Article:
No explanation is required for Samstag’s tag-teaming of its two current shows For Country, For Nation (reviewed in May TAR) and Reality in Flames. War in all its destructive guises wraps everything that might or should be said in a fog of bitter reflection or a desire to make something good come from it.
In For Country…, the good is measured by telling stories about the self sacrifice of, and contribution made by, Indigenous men and women. It goes further by unpacking the complexity of experiences for Indigenous Australians in war time by documenting the overlapping ‘front lines’ in which non-combatants also saw ‘action’ (Maralinga, bombing of Darwin) as well as the ongoing ‘battle’ for Indigenous rights and equality across the 20th century to the present day.
So the ‘good’ in this instance is built on the belief that war can produce something of lasting value, provided the community takes time to reflect on its lessons and what it confirms about humanity’s aspiration for a better world. Or maybe, as evident in For Country…, that hidden stories that need to be known and acknowledged come to the surface. Because contemporary artists as a whole have become very skillful in dealing with war, particularly the blurred lines between combatants and civilians, and the depersonalised nature of modern warfare (drones controlled by Nevada button pushers), art has adopted remarkable forms and strategies for community engagement.
Wind the clock back, however, to the 1930s, as the prospect of another world war loomed over Australia. Two wars, as it turned out – one in Europe and the other the Pacific. How prepared were Australian artists this time around to interpret war? The Official War Art Scheme, based on similar models in Britain and Canada was reactivated during the Second World War. Ten artists were commissioned as Official War Artists during the First World War. During the course of the Second World War, over 40 official artists were appointed. Alongside this group were independent ‘non-commissioned’ artists such as Albert Tucker and Sidney Nolan who responded to the experience of war in less constrained ways.
Reality in Flames represents a new generation of war artists with a very diverse collection of work. It also reflects the challenges faced by artists in choosing how war should be interpreted by art. The First World War cohort had relatively few challenges. Stylisation of expression was built on tonal figuration. Artists were expected to commemorate valor. Many official portraits of commanding officers were produced. However, some artists such as Arthur Streeton and Will Dyson took themselves off to France to see for themselves. A trend emerged – paintings and sketches in the field, documenting ordinary individuals and their experiences. This trend consolidated in the work of World War Two war artists. There are a number of examples in Reality. Images such as Stella Bowen’s unforgettable group portrait of a bomber crew are a reminder of the weight of responsibility carried by many war artists to memorialise individuals and their experiences. An interesting aspect of the trend is to see how artists like Nora Heysen, Geoff Mainwaring, Roy Hodgkinson and Colin Colahan invested their ‘ordinary folk’ with a touch of gravitas to draw attention to the heroic character of their deeds and responsibilities.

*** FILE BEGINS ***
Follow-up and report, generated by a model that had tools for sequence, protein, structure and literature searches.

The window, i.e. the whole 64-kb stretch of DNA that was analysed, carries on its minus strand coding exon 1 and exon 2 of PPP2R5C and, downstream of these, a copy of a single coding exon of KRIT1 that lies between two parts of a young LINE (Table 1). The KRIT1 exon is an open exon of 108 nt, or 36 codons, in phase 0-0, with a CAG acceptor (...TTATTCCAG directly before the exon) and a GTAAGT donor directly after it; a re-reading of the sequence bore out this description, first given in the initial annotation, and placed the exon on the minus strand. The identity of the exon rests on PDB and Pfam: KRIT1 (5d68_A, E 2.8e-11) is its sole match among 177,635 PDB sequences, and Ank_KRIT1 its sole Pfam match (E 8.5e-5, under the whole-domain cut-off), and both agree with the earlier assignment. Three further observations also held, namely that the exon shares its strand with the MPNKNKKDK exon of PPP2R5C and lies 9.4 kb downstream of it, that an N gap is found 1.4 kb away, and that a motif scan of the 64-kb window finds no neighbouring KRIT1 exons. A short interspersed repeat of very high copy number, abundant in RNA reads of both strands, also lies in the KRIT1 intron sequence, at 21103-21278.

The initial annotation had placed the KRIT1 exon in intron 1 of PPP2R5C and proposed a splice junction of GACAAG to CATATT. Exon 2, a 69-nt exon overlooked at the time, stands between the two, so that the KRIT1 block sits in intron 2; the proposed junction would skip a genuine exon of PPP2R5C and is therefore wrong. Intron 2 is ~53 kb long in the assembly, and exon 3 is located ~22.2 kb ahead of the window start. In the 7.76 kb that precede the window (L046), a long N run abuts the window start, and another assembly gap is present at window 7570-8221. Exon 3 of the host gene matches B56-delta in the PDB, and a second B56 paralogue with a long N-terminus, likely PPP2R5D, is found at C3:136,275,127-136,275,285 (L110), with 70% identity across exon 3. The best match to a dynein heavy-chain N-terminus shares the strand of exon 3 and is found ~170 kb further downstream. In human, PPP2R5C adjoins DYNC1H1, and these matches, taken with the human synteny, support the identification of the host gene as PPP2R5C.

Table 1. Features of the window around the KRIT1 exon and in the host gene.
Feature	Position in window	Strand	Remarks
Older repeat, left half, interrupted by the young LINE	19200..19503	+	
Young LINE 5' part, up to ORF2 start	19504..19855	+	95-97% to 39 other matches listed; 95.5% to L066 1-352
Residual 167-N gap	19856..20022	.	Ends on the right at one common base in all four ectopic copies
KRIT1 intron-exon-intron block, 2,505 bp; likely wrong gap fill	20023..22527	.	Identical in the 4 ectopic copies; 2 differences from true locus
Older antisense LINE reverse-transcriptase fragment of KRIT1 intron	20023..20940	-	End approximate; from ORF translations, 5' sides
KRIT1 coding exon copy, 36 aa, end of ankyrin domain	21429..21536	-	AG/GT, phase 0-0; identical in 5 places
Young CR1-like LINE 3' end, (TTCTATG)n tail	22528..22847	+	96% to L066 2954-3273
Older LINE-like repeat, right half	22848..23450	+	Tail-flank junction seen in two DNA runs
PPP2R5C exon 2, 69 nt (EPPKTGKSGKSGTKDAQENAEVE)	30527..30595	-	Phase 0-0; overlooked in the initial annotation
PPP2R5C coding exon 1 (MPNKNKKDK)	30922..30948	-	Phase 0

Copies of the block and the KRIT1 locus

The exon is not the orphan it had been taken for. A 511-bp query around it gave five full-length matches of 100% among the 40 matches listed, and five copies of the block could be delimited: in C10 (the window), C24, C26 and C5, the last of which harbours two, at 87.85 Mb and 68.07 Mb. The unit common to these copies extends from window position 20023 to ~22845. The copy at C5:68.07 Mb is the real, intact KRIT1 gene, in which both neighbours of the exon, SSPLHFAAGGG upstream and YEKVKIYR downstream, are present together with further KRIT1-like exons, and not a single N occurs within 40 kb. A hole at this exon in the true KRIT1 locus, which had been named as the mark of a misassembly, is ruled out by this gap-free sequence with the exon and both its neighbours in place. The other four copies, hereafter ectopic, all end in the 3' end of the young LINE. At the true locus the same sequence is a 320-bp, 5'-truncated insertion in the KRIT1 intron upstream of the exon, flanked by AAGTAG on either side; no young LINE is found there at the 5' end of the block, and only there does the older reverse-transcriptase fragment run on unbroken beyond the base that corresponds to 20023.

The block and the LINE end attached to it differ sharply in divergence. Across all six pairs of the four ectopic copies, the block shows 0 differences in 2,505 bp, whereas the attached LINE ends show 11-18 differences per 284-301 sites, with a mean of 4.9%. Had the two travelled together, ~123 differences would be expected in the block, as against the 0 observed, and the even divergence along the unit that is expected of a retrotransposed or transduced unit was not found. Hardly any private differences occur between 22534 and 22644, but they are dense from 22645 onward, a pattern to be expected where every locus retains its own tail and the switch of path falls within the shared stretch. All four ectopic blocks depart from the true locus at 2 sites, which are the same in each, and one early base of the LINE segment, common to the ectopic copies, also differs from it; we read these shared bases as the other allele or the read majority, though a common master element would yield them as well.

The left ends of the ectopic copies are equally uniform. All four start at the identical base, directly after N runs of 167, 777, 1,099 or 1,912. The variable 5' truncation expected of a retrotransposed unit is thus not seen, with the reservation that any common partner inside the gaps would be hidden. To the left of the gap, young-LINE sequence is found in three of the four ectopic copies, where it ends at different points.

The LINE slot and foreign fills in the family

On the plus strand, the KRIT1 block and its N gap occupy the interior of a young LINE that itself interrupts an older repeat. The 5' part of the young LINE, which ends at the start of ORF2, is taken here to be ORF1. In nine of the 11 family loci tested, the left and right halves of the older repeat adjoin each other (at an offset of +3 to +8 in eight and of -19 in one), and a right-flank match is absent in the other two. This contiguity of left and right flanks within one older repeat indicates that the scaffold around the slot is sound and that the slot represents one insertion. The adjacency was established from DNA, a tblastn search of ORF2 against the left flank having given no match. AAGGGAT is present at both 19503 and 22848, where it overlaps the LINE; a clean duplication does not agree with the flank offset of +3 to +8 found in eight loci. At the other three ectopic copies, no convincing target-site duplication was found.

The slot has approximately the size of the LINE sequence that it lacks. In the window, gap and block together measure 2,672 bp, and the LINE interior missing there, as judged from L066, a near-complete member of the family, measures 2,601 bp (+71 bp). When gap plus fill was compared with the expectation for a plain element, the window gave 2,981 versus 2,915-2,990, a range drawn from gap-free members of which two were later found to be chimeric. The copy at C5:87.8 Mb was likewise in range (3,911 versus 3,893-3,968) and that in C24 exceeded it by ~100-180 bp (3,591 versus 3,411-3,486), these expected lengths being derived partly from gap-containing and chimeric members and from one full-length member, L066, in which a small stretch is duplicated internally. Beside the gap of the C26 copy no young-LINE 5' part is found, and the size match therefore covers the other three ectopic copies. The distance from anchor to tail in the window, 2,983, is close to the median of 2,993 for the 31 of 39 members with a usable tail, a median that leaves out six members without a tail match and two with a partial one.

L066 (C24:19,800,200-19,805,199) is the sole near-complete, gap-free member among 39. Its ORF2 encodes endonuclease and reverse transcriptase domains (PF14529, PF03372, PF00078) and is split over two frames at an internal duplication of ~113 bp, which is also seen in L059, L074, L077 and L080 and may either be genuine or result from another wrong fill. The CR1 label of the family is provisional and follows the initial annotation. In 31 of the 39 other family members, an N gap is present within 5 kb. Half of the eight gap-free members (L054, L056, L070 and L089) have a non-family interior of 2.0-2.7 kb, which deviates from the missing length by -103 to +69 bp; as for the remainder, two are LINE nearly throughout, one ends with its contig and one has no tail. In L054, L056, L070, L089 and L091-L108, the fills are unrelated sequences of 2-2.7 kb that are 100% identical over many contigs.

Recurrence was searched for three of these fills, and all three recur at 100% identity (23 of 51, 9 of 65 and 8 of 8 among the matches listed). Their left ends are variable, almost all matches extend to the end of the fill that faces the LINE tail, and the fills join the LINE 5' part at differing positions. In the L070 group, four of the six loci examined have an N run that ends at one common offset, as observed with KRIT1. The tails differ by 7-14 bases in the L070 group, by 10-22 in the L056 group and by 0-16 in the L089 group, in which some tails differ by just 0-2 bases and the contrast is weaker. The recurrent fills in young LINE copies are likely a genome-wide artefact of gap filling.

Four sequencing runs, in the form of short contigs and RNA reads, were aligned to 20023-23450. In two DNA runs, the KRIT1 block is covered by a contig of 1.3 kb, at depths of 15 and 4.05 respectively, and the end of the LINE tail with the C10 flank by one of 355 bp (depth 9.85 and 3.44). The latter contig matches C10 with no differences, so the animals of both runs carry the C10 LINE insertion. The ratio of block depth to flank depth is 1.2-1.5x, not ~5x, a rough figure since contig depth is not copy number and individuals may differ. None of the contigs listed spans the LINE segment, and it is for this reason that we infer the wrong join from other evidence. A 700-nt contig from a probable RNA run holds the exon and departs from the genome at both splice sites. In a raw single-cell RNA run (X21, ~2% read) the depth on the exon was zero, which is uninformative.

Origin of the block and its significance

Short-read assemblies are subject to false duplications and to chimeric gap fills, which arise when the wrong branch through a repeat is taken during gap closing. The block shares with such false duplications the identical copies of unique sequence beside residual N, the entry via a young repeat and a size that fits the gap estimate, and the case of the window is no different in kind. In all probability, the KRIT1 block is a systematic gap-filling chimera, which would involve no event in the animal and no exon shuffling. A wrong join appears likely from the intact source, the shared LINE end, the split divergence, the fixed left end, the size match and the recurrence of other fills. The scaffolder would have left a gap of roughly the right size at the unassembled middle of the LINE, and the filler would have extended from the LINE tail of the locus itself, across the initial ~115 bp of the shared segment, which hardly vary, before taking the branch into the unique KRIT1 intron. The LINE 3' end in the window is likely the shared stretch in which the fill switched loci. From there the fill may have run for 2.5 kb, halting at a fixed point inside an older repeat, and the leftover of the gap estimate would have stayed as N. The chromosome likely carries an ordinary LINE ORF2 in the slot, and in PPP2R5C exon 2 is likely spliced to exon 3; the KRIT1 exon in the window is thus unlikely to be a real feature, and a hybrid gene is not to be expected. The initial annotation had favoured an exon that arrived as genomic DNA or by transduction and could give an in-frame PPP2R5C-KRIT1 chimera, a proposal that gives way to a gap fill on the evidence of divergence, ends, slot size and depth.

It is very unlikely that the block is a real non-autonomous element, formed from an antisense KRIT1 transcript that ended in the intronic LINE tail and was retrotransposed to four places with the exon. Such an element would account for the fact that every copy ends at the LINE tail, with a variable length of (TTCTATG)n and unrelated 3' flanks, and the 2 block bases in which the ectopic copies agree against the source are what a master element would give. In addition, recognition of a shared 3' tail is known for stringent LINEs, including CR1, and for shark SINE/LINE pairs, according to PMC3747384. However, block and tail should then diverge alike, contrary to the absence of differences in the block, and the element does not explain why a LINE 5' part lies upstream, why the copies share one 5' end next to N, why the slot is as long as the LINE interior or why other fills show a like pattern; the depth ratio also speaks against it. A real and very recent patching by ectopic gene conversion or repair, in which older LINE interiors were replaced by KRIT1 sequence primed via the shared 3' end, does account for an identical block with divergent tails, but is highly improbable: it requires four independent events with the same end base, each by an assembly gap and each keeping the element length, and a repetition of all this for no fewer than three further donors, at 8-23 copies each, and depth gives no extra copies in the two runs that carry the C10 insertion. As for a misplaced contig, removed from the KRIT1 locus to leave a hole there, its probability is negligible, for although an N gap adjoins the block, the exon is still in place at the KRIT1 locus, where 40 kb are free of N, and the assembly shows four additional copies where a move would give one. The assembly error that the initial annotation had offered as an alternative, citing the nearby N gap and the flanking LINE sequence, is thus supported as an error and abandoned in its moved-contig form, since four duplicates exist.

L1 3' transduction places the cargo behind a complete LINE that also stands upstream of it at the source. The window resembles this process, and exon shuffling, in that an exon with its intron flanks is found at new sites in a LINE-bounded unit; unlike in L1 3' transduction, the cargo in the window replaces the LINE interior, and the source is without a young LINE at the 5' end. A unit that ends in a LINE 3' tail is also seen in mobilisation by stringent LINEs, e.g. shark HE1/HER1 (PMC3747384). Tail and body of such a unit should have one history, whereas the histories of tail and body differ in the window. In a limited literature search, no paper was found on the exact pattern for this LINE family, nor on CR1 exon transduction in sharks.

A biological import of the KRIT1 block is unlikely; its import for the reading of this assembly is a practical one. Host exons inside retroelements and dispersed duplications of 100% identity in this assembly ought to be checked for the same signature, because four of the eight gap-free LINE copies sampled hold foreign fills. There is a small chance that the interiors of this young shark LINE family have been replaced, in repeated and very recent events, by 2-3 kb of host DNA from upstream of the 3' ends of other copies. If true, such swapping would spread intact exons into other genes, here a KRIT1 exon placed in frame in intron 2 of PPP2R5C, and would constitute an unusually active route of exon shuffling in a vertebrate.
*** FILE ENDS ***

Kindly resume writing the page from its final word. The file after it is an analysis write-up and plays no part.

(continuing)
World War One ‘heat of battle’ scenes were rare but the aftermath of the war saw the production of George Lambert’s Anzac, the landing 1915 and The charge of the 3rd Light Horse Brigade at the Nek, 7 August 1915 both commissioned in 1920 by the War Memorial. That Lambert had visited and sketched the Gallipoli area after the war enabled him to capture the dreadful nature of ‘charge at machine guns’ conflict and the spectre of the so many about to be swallowed by the red earth. Ivor Hele’s painting of troops cleaning out Japanese fox holes emerges from the Second World War cohort as a worthy successor. It deserved to be scaled up as a monumental and gut-churning expression of madness and fury. Roger Kemp’s War conception, 1941–42 comes close to this in its barely contained, gestural rage at a looming, apocalyptic future. Yosl Bergner’s searing capture of refugees and the have-nots of wartime Melbourne command respect to the present day. But in terms of emotional, cross-generational consignment Albert Tucker’s Images of Modern Evil (inspired in part by the scarifying experience of working at the Heidelberg Military Hospital) has an in-your-face capacity to speak directly to contemporary audiences.
As a counterweight to these expressions of white-hot rage, images of incarceration, such as Howard Taylor’s POW camp, Germany (1942- 43) and Bernard Slawik’s small pencil sketches of Nazi atrocities make for sombre viewing. Such considerations aside, perhaps the alternative interest in this collection of work, made almost 80 years ago, is the predicament of so many younger Australian artists, grappling to come to terms with half-understood modernism, while bending it to the cause of victory.
Reality in Flames: Modern Australian Art and the Second World War
Samstag Museum of Art
Until Friday, July 19
Eric Thake, Kamiri searchlight, 1945, gouache, pencil on paper 55.5 x 78.2 cm, ART26787
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